Getting Creative with Tech (Ep. 347)

Jen Leban is back on the podcast today to share her thoughts on technology, creativity, and why teachers don’t need to be scared when it comes to learning new tech! Listen as she and Tim discuss the state of social media and how we make connections there, Google Draw and other free tools, and Jen’s upcoming presentations at the NOW Conference in January. Full episode transcript below.

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Tim: Welcome to Art Ed Radio, the podcast for art teachers. This show is produced by the art of education university, and I’m your host, Tim Bogatz.

I’m excited today to bring Jen Leban back to the show. She is a former art teacher, current instructional coach, or tech coach, and children’s book illustrator–she does a lot of things, basically, and I’ll let her give you the full rundown. But I wanted to chat with her about a few different things related to tech. One is the idea of social media, how we use technology to connect–part of what I talked about last week with fostering online communities.
I also wanted to talk to her about using technology in art, using technology to foster creativity, which I think is a topic worth exploring. Jen will be presenting at the NOW conference in January about how you can easily utilize tech in your art teaching (and how you can do it for free), so I will have her chat about that as well. Let me bring her on now.

Jen Leban is back on the podcast with me. Jen, great to have you back. How are you?

Jen: Thank you. I’m doing very well, actually.

Tim: Excellent, I’m glad to hear that. You’ve been on here a lot before, but for people who have not heard you or are just being introduced to you, can you tell us a little bit about yourself and what you do?

Jen: Yes, I can give you my origin story.

Tim: Yes, that’s what I mean.

Jen: Yes, I am a 20+ year teaching veteran and I started out, AKA my origin story is that I was a visual arts teacher. I taught grade six through eight for 13 years in the same district that I student taught in, and then I transitioned to being the six through eight computer teacher basically, like elective computer class, technology class. Every school, not every school, a lot of schools have it, they just call it different things. That was me for another six years, same school. Then for one year, I actually moved to the elementary school, so K5, same district, and I was the library/media/maker space teacher. So I like to tell everyone that I have taught all grades K through eight and I was in the same school district my entire life.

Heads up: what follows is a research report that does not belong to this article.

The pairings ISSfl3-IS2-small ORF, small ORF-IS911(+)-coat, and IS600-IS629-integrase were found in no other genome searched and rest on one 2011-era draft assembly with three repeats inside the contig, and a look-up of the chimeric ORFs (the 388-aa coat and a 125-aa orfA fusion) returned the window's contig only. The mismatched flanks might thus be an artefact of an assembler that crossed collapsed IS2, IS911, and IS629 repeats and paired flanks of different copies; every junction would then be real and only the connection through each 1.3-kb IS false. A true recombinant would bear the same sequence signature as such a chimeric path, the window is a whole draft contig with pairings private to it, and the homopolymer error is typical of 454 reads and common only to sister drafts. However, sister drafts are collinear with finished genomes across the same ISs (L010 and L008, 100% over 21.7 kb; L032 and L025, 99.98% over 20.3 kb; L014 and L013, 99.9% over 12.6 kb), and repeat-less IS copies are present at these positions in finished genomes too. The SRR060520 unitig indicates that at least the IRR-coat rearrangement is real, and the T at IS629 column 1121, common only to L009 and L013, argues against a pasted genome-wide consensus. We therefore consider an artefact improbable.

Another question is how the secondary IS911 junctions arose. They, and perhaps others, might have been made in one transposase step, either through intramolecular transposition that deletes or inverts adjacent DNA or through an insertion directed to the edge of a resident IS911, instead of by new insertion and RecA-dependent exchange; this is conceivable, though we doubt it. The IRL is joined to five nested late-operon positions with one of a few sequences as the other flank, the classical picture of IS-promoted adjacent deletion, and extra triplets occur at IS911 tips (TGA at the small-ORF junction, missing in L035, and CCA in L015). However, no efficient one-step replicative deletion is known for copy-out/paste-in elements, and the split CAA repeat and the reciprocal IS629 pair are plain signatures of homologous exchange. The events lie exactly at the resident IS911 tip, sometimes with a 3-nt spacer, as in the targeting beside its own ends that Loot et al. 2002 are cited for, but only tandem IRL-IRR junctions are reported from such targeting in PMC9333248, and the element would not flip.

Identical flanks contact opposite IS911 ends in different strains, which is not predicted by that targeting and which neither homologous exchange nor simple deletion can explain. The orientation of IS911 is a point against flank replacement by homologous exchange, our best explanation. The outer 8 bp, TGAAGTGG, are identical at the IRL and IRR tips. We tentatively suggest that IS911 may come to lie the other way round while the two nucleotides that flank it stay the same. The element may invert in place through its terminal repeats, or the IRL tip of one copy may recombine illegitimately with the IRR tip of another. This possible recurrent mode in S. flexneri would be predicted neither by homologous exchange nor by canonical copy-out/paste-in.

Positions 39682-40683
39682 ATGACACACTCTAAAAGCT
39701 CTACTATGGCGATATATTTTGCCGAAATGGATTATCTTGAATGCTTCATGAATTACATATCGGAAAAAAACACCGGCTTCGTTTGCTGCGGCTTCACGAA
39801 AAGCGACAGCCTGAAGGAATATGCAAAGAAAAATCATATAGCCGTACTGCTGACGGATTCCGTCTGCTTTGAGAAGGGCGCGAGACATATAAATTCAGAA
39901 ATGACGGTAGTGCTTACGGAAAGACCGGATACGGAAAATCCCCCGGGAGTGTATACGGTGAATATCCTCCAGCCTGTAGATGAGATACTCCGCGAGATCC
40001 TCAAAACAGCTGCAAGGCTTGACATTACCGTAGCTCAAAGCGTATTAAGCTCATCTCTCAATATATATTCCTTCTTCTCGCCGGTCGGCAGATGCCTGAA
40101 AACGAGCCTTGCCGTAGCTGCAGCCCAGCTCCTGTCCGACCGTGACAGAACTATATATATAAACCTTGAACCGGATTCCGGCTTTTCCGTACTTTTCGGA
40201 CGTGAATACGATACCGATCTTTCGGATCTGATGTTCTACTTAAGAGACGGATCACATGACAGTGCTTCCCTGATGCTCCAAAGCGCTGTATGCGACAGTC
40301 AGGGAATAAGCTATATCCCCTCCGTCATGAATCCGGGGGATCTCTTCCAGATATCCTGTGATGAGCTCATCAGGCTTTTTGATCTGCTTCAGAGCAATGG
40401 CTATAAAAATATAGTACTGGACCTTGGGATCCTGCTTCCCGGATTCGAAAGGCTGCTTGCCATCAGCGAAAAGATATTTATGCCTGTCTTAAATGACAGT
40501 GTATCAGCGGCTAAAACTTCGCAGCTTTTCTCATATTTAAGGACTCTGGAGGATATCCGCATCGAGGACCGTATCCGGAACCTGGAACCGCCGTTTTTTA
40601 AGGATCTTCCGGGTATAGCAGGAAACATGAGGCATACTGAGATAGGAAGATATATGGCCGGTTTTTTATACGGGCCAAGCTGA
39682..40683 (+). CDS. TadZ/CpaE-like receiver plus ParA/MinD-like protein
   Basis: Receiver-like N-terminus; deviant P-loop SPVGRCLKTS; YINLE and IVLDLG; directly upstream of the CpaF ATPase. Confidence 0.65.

And then I was offered an opportunity to become an instructional technology coach with the organization. Actually, we’re called the LTC or the Learning Technology Center of Illinois, which is a statewide organization that supports the use of technology in school districts all over the state, but my specific role is that I am a coach in school buildings. So if you have a school district that isn’t, maybe not wealthy enough or for whatever reason, you can’t afford your own full-time staff members that are coaches or-

Tim: Right.

Jen: Technology coaches, whatever, you can contract a coach out for a specific number of days. So we have coaches that do as few as 10 days over the course of the school year, more of a consulting, and then we have some coaches that are almost full-time. So my organization cobbles those jobs together to make full-time positions for us.

So I work in South Cook County, Illinois, so just south of Chicago, and I work in two school districts this year. It’s almost evenly half and half split. And I love it, because basically for people that don’t know all of the ins and outs and minutiae of the job, I get to be the fun auntie that comes into a classroom, does little tech jobs, shows them how to do things like oohs and aahs and then I get to be like, “See ya,” and leave the kids with mom and dad to handle all the other stuff. I mean, if I had to describe it to the layperson, I get to go into classrooms, do fun stuff and leave. So I’ve never had such a great fanfare is when you walk into a classroom and all the kids go, “Yay.” I wish I could bottle that, what a greeting.

Tim: Oh, that’s a great feeling, because I used to travel as an elementary art teacher and I’d just show up every few weeks.

Jen: Yeah.

Tim: Then you come in, oh man, that reception from kids, oh, it’s glorious.

Jen: I can imagine. Very similar. Very similar, because you’re coming in and you’re doing something fun.